Having determined that the defendants are entitled to judgment as a matter of law and that, as a result, the judgment entered for the plaintiff cannot stand, the judgment is vacated and the Clerk of Court is directed to enter a judgment dismissing the plaintiff's complaint. This result obviates the need for the Court to analyze the defendants' alternative request that, pursuant to Fed.R.Civ.P. 59(e), the Court alter or amend the judgment by striking certain answers made by the jury to questions on the verdict form used in this case. Although no analysis of that request is necessary, it is worth noting that Fed.R.Civ.P. 59(e) permits a court to amend a judgment. The answers made by the jury to questions on the verdict form are not part of the judgment previously entered by the Clerk of Court. Accordingly, Fed.R.Civ.P. 59(e) is not a proper vehicle through which to amend the answers provided by a jury on a verdict form. See Frazier v. Boyle, 206 F.R.D. 480, 491-492 (E.D. Wis. 2002). IV. CONCLUSION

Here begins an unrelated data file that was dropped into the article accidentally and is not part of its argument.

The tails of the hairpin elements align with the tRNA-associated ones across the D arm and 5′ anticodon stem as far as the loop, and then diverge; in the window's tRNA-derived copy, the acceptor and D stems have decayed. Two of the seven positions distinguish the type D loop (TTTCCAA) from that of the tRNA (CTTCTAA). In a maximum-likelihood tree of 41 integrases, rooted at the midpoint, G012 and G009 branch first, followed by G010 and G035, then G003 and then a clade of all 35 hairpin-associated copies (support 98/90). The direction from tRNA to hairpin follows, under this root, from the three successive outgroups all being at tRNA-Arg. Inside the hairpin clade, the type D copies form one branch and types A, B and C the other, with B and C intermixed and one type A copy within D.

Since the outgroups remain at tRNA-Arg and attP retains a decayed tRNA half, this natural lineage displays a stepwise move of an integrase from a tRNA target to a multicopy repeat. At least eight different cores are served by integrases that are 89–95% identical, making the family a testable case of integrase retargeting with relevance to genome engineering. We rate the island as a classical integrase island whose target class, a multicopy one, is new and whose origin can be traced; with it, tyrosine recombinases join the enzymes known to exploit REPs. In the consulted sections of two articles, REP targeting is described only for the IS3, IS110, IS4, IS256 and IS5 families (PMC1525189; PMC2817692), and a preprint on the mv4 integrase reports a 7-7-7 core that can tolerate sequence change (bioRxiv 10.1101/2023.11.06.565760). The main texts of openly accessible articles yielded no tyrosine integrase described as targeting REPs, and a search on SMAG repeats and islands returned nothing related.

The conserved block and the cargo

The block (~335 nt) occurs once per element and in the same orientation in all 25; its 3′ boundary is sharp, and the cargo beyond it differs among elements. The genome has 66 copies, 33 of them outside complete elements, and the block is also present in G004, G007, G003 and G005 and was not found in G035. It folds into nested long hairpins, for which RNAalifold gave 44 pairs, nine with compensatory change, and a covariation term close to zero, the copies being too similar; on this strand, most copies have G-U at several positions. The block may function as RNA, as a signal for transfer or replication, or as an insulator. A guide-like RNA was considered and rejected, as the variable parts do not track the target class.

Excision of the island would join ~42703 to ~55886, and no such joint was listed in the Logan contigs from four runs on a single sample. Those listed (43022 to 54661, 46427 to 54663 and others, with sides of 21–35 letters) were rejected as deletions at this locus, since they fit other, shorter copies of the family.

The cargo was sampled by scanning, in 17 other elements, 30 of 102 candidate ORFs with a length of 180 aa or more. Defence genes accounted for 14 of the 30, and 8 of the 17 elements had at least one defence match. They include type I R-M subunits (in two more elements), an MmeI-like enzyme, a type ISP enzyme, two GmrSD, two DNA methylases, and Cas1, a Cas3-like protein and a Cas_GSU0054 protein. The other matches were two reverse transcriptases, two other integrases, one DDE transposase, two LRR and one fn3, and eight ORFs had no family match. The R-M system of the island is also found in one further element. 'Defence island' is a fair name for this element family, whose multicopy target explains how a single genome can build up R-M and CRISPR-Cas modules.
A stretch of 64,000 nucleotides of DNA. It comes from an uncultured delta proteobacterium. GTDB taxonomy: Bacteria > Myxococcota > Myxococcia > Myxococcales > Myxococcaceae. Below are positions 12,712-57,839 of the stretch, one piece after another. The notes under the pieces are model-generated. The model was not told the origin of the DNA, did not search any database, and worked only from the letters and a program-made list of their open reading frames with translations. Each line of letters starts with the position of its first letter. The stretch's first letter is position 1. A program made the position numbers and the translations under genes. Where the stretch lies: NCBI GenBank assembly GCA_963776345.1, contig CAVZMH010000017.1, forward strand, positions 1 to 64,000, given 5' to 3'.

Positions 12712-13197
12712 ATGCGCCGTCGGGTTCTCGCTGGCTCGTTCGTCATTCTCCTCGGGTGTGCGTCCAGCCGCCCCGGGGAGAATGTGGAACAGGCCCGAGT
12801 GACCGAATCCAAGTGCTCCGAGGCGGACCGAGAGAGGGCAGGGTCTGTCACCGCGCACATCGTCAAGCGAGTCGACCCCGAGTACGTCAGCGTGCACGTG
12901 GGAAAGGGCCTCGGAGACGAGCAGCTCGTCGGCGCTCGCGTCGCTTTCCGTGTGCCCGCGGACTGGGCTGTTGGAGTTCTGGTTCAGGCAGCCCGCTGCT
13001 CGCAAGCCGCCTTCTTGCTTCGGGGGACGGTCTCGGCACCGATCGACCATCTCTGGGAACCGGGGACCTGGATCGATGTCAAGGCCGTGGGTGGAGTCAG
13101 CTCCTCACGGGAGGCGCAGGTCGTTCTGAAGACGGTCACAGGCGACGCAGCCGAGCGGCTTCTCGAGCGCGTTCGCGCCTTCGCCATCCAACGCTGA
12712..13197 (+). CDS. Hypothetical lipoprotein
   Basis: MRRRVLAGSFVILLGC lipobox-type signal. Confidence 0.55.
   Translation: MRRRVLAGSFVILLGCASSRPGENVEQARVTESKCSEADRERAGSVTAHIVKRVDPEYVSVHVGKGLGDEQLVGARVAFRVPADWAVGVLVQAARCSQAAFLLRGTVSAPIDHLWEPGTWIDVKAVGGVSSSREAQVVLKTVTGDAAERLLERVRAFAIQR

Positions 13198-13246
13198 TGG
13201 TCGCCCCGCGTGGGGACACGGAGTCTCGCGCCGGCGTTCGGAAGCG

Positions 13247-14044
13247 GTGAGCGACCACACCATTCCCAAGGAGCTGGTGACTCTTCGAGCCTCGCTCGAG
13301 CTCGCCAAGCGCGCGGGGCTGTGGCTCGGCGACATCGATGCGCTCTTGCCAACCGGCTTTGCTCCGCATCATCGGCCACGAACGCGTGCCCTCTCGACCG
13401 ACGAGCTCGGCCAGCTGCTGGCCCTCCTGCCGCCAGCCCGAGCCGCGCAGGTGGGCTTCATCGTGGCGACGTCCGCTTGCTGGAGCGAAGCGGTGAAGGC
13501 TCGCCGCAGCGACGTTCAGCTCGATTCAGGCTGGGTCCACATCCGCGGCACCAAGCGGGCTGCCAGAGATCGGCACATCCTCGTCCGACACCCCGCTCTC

For the reasons set forth above, plaintiff's post-trial motion for entry of a judgment is denied because the relief sought can no longer be granted; therefore, the matter is moot. The plaintiff's alternative request for relief, that a new trial be held, is denied. The defendants' cross-motion, for judgment as a matter of law, made pursuant to Fed.R.Civ.P. 50(b), is granted. The Clerk of Court shall vacate the judgment previously entered in this action and enter judgment as a matter of law, for the defendants, pursuant to Fed.R.Civ.P. 50.

  SO ORDERED.